Ching Ming respect for the dead … and Louis Vuitton
Ching Ming offerings include HK$38 paper Chanel handbags but after trademark rows, shop owner prefers not to upset Louis Vuitton
Hundreds of thousands of people paid tribute to the dead during the Ching Ming "grave-sweeping" festival yesterday but there was a whiff of change in the air amid the smoke of burning offerings and incense.
While paper Chanel handbags and Gucci shoes were still on sale, grave-sweepers were hard-pressed to find Louis Vuitton paper replicas this year as paper-offerings stores grew wary of laws against trademark infringements.
And at Sheung Shui, a green group was handing out fresh flowers in an effort to campaign against burning paper offerings altogether - to avoid hill fires, cut down on carbon emissions and save paper.
To Chin-sung, owner of Chun Sing Hong, a paper-offerings shop in Sai Ying Pun, withdrew all his lookalike Louis Vuitton products, at HK$38 a pack, but Chanel, Gucci, Ferrari and Apple paper replicas were still available at the same price for customers who wanted to send designer products to their loved ones in the afterworld.
Explaining the absence of the French brand's logo, To said: "It's not worth getting ourselves into legal trouble over it, especially when we don't earn much by selling the products."
Last month, Democratic Party lawmaker Albert Ho Chun-yan warned that luxury brands were increasingly going after small retailers instead of manufacturers over copycat products.
He said Louis Vuitton recently sued a Hong Kong hair salon which had chairs covered in a fabric similar to its famous brown check pattern. And it asked for compensation from two stores, claiming the items on sale infringed its trademark. The cases were reportedly settled out of court.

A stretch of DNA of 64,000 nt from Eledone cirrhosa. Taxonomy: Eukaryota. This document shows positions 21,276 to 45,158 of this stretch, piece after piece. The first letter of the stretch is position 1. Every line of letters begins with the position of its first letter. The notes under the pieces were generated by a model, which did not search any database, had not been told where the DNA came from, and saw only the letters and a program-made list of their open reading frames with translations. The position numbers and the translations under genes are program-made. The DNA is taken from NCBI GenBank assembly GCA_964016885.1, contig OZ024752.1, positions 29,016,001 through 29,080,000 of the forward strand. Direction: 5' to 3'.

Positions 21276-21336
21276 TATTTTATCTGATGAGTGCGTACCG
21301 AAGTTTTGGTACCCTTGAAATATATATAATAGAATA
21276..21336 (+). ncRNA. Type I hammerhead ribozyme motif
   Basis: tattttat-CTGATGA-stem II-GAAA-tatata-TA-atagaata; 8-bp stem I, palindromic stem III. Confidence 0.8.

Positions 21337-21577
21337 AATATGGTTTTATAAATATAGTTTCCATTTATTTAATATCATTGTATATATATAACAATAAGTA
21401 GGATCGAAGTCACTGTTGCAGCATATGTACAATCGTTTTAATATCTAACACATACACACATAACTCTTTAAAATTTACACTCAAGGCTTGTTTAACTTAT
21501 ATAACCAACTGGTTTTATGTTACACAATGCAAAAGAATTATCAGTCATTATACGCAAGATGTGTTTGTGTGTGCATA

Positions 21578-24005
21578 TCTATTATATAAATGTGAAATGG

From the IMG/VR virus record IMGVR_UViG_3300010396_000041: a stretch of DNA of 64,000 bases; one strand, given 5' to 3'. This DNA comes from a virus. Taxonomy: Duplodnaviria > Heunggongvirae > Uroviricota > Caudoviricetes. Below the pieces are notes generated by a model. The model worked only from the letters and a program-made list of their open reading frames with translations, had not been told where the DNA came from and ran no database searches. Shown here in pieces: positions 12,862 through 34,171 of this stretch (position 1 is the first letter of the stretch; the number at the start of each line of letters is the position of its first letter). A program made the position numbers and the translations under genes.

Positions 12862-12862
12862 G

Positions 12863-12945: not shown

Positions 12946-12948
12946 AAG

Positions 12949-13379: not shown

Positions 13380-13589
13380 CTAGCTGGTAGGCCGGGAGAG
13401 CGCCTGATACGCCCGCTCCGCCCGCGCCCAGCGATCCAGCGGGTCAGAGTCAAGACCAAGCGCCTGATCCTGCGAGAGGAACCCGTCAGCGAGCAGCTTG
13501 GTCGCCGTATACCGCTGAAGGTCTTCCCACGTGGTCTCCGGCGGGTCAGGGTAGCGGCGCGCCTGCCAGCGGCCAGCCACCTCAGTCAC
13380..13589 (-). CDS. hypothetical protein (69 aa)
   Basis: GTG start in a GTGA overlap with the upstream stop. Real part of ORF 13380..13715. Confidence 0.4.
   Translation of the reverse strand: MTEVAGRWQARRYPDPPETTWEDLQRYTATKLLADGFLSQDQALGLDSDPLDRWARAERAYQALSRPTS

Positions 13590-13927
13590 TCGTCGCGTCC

Not all the famous-name offerings spelled luxury though. Ancestors who liked fast food can get a McDonald's package of chips, a pineapple and sweet taro pie, chicken nuggets, a Filet-O-Fish burger and a coke.
Prices on paper offerings were similar to last year despite increased costs due to the rising yuan. "We didn't raise the price much as we want to keep our customers," said Miss Tsang, who owns a paper-offerings shop in Causeway Bay. She said any price increases were kept below 5 per cent.
Chrysanthemums, a traditional symbol of death, were among the flowers handed out by members of the Conservancy Association to promote a greener alternative to burning paper.
"When we mourn our ancestors, it's about our heart, not about how many paper offerings we burn for them," said the association's senior project officer Ivan Ho Kin-man.
But although fresh flowers feature heavily in the Ching Ming festival, some grave sweepers did not welcome the idea of doing away with paper offerings.
"It's a tradition that is difficult to change - and it's just once a year," one man said.
He was among the thousands who made the sombre procession to the last resting places of their loved ones in yesterday's drizzly and sticky weather. With relative humidity hitting 96 per cent, it did not make the job of tidying graves easy, especially when many cemeteries, including at Diamond Hill, are built on steep slopes.
Meanwhile, members of the Hong Kong Alliance in Support of Patriotic Democratic Movements in China held a ceremony at the Tsim Sha Tsui clock tower to mourn those who died in Tiananmen Square on June 4, 1989.